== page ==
Hummingbirds: My word they’re Majestic
They’re super fast balls of fluff and adorableness, and they’re fascinating to boot.
The Hummingbird species’ range in length from small to smaller. Even the names of the birds are cute, including the Giant Hummingbird spanning 20cm, and the Bee Hummingbird, a heart-meltingly adorable 5cm long and weighing less than a 5-cent coin.
Hummingbirds are amazing fliers, with the ability to hover in place and dart off at a moment’s notice. This requires a lot of energy and exertion, and the hummingbirds have evolved to have tiny legs and feet to channel all their energy into flight.
Their tiny legs mean they aren’t able to walk or hop as other birds are, and can only use their legs to perch and shuffle from side to side, which is adorable.
This physical exertion also means their heart has to beat incredibly fast to keep up with the blood flow required for their wing muscles. As a result, they have relatively big hearts for their small bodies, and their hearts can beat up to 1200 times per minute, or 20 times per second!
They also have a large brain to body-weight ratio, allowing them to remember the positions of every flower around their habitat and how long those flowers take to refill with nectar.
They also remember which human fills up their feeders, so they’re an easy animal to get up close and personal to if you offer them enough sugar!
Hummingbirds can’t get fat:
Hummingbirds require the energy from the nectar straight away to fire up their wings and allow them to fly to their full potential.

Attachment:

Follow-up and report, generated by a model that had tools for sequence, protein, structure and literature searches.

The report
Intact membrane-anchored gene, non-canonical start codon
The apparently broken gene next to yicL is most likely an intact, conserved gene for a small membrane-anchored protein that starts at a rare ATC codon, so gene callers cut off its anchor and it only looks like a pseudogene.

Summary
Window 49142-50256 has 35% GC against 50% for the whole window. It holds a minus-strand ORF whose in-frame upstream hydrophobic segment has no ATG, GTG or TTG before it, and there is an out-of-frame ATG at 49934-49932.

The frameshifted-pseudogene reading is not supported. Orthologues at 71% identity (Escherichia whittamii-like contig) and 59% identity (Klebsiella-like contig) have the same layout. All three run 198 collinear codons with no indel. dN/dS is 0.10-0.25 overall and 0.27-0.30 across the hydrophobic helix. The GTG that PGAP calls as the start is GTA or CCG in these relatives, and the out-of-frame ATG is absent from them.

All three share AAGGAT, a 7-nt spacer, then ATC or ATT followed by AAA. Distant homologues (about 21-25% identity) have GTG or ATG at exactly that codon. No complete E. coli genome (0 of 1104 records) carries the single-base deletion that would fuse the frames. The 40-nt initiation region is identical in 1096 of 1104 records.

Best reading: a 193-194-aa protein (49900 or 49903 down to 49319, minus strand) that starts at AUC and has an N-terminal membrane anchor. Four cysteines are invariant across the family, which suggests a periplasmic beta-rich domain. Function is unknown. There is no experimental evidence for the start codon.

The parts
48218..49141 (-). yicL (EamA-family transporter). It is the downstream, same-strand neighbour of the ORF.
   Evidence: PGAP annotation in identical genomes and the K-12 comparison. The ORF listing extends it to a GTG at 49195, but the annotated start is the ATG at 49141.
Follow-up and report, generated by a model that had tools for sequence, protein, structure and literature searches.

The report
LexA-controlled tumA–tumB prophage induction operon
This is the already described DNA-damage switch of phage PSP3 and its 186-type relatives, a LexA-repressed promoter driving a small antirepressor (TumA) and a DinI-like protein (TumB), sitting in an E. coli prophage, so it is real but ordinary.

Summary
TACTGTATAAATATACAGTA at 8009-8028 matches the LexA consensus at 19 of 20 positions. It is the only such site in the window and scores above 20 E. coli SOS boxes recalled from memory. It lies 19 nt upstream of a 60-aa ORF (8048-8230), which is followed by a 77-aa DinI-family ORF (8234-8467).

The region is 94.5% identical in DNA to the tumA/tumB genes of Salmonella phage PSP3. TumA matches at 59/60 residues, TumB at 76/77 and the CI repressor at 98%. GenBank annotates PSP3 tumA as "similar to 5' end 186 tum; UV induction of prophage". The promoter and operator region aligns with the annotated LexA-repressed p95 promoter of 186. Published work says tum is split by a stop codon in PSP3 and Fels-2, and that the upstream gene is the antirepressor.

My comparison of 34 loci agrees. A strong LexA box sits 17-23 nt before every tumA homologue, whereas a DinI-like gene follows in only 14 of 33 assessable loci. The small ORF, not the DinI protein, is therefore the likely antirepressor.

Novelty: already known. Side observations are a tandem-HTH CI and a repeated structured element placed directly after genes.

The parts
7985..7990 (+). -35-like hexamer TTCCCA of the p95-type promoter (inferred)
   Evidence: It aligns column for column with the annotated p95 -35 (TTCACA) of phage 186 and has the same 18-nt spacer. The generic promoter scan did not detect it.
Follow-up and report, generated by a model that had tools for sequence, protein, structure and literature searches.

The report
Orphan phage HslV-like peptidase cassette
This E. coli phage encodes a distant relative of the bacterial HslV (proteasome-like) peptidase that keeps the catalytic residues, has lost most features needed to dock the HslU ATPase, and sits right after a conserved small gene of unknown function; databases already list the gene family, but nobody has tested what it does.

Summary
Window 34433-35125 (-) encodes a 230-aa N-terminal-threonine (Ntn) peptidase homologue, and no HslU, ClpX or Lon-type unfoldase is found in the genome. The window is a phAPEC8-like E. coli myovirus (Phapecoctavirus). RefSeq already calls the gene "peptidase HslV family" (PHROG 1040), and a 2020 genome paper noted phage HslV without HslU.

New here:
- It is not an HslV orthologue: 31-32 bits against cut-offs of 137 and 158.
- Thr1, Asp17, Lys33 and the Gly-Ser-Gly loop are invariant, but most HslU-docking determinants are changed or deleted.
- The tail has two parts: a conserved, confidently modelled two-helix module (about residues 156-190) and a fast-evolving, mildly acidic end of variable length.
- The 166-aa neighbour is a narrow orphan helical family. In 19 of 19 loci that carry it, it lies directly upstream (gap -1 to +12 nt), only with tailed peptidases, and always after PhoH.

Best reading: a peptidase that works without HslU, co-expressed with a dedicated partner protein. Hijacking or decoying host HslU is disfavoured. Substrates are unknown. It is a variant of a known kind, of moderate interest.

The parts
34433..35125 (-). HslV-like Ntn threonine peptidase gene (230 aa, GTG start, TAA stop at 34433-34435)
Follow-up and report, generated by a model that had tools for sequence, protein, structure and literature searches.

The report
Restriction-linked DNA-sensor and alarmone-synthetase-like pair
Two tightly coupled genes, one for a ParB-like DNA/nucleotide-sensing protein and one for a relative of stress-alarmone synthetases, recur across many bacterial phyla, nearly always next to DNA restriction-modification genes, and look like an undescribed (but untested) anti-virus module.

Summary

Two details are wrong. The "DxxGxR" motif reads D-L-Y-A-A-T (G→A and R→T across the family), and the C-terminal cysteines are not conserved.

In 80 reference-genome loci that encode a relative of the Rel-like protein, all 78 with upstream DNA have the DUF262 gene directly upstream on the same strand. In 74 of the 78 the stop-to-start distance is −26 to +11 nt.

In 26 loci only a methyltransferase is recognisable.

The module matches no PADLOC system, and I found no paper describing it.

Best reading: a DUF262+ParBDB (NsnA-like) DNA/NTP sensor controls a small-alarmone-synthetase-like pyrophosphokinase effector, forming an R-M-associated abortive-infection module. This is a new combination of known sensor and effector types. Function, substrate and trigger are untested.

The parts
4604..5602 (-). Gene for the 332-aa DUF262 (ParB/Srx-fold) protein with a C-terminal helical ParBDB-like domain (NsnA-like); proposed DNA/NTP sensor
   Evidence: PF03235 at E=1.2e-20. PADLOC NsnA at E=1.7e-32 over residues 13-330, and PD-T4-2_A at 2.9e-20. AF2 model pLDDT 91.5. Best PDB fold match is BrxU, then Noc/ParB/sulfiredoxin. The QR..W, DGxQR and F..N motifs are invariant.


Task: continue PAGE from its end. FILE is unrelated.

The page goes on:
Humans and most other animals absorb the sugar and other nutrients from our food and transform it into fat, a process that takes energy and time to complete. The fat storage allows us to tap into this energy at any time, and as such we can eat larger portions of food, less often.
We can go about our day, eating intermittently when we feel the need. Not so for the hummingbirds. The sugar they ingest goes straight from their bloodstream into their muscles for immediate use.
This both means that the hummingbird is very efficient, in that they don’t need to use energy to create and store fat, but also that they need to constantly feed, every 10-15 minutes while they are awake, or they will quickly run out of energy.
Hummingbirds have insane movement and hovering ability, which requires some serious muscle. Their pectoral muscles, which connect to the wings, account for roughly 30% of their total body weight, 6 times that of humans’.
Furthermore, most bird wings flap up and down, generating all of their lifting power on the down stroke. Hummingbirds, however, behave a little more like insects when it comes to flight.
They can twist their bones in their shoulders and wrists so that they can stroke forwards and backwards, allowing them to also generate lift on their ‘up stroke’, amounting to a quarter of the total lift they generate.
This maneuverability, however, comes at a cost. Hummingbirds can’t glide as normal birds do. Instead they need to constantly flap their wings all the time, up to 200 times per second to keep flying, which is a scary prospect.
While it doesn’t occur often, when there is a shortage in sources of nectar, these survival skills can turn deadly. In these cases, the hummingbirds have to literally fight to survive, engaging in aerial combat with other hummingbirds to protect their turf and food sources.
I imagine this hummingbird dogfighting would be both terrifying and beautiful.
Terrifying, beautiful, and cute.